Winged Beauties of the Tropics
By Awake! writer in Spain
FOR some travelers the first visit to a tropical rain forest may prove somewhat disappointing. They look forward to seeing exotic animals and birds; but most of the animals are nocturnal, and many of the birds are out of sight in the forest canopy.
“There are plenty of signs that the forest is full of life—sounds are all around,” explains The Mighty Rain Forest. Nevertheless, the book adds: “Unless a visitor is willing to spend a lot of time patiently waiting and exploring, the chances are that no animals will be seen except for butterflies.” Happily for visitors, the tropical butterflies provide flashes of color and beauty that make a trip to the rain forest unforgettable.
Tropical butterflies stand out for their size, variety, and color. The green of the forest is an ideal backdrop for the brilliant blue, red, and yellow butterflies that flit about in the clearings. Apart from these traditional colors, in South America you may also see butterflies with transparent wings. Other species have wings whose undersides look even more spectacular than the top surfaces. The dull owl butterflies have huge owllike eyespots to brighten up their brown attire. But a few butterflies keep a low profile, and only the keenest observer realizes that he is looking at an insect rather than a dead leaf.
Often the sheer size of tropical butterflies catches the eye of the visitor. Some are larger than small birds and fly or glide just as vigorously. The number of different butterfly species inhabiting the rain forest is also remarkable. The Malaysian tropics harbor nearly a thousand species, and Peru provides haven for four thousand species—20 percent of the worldwide total.
Although a butterfly’s wing may exhibit a full range of colors, these hues generally do not depend on many different pigments. The wing comprises a transparent membrane on which thousands of tiny scales are attached, and each scale usually has just one pigment. However, scales of different colors combine to give the impression to the observer of yet another color, as do the colored pixels of a television set.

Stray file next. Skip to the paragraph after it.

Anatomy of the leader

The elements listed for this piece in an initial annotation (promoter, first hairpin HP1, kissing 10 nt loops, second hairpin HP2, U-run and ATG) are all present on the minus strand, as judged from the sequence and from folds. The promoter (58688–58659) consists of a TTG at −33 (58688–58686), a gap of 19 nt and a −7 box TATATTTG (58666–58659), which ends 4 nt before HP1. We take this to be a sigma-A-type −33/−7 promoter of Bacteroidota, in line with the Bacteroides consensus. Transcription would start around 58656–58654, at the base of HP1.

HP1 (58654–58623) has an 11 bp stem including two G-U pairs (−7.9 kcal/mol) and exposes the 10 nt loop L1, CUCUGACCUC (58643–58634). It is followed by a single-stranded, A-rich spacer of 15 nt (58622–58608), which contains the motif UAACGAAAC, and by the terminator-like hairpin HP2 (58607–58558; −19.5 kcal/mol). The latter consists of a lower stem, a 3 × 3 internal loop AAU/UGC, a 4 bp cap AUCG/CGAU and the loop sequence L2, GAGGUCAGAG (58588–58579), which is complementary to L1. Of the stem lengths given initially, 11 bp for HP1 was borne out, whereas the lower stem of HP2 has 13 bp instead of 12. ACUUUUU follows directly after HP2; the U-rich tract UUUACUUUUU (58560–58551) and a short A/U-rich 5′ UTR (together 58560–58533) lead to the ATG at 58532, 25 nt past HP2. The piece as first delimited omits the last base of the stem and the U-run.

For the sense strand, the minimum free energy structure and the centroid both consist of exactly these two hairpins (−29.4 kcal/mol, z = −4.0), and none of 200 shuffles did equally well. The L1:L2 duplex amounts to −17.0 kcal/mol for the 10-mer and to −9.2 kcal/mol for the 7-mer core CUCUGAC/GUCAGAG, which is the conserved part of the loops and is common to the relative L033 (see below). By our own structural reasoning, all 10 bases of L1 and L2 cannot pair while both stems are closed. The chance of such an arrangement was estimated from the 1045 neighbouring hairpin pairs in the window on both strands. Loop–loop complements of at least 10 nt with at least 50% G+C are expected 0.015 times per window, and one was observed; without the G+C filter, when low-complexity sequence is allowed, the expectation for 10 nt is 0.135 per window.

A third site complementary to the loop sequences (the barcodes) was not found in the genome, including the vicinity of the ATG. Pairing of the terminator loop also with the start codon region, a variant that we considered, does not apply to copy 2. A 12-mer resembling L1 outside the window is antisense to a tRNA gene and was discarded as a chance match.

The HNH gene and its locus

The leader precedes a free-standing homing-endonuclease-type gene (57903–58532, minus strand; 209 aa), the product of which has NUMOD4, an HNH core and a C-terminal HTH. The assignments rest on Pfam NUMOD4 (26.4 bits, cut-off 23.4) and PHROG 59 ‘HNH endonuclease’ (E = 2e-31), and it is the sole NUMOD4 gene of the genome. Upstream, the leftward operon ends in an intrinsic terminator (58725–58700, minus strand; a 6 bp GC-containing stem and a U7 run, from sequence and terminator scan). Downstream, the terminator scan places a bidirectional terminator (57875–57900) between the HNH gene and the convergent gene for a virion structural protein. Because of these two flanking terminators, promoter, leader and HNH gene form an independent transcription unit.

You might imagine that the best time to see these beauties is when they are hovering over flowers, but this is usually not the case in the rain forest. Most flowers bloom high up in the canopy, and while they provide a feast of nectar for the butterflies, they cannot be seen by a visitor on the ground. Fortunately, male butterflies come down to earth for salt. It is thought that the mating process may deplete them of necessary minerals, which they replenish by sucking up moisture from wet ground. Thus, a damp forest path or the edge of a small stream may prove the ideal place to observe the butterflies of the rain forest.
You may also spot a group of butterflies perched together in a communal resting area. The custom of roosting together is quite common among tropical butterflies. Some may allow you to approach them as they bask on a leaf in the morning sunlight. Even though certain species rarely seem to alight anywhere, just watching their colorful flight can brighten up your visit to the rain forest.
[Box/Pictures on page 18]
A Lepidoptera Beauty Parade
Although it is difficult to judge which butterfly or moth is the most beautiful, certain groups undoubtedly stand out.*
Swallowtail butterflies (Papilionidae)
A large family of colorful butterflies, many of which have a small “tail” on their hind wings. They are fast fliers, often feeding on flowers of the forest canopy.
Morpho butterflies (Morphidae)
Found only in South and Central America, these butterflies have striking, metallic-blue wings. Their iridescent color depends on diffraction of light. As they lazily flap their wings, the intense blue switches on and off according to the angle of the light.
Bird-wing butterflies (Ornithoptera)
These butterflies come from Southeast Asia and tropical Australia. As the name suggests, they are huge butterflies with wings larger than many birds. Their beauty and rarity make them literally worth their weight in gold.
Uraniid moths (Uraniidae)
Classified as moths rather than butterflies, these magnificent insects fly during the day. The Chrysiridia madagascariensis of Madagascar, whose wings exhibit all the colors of the rainbow, has been described as “the most beautiful insect in the world.”
Butterflies and moths make up the Lepidoptera order.
Morpho: Zoo, Santillana del Mar, Cantabria, España; all others in box: Faunia, Madrid
[Picture on page 16]
Transparent wings of “Hypoleria oto”
[Picture on page 16]
Hewitson’s blue hairstreak butterfly. Its underwings (at left) are as spectacular as the top surfaces (above)
[Picture on page 16, 17]
Goliath birdwing butterfly (actual size)
[Picture on page 17]
Owl butterflies’ underwings
[Picture on page 17]
[Picture on page 18]
Tropical butterflies sipping salty moisture from the ground
[Picture Credit Lines on page 16]
Hypoleria oto: Zoo, Santillana del Mar, Cantabria, España; all other photos: Faunia, Madrid
[Picture Credit Lines on page 17]
Dry-leaf and yellow butterflies: Zoo, Santillana del Mar, Cantabria, España; all other photos: Faunia, Madrid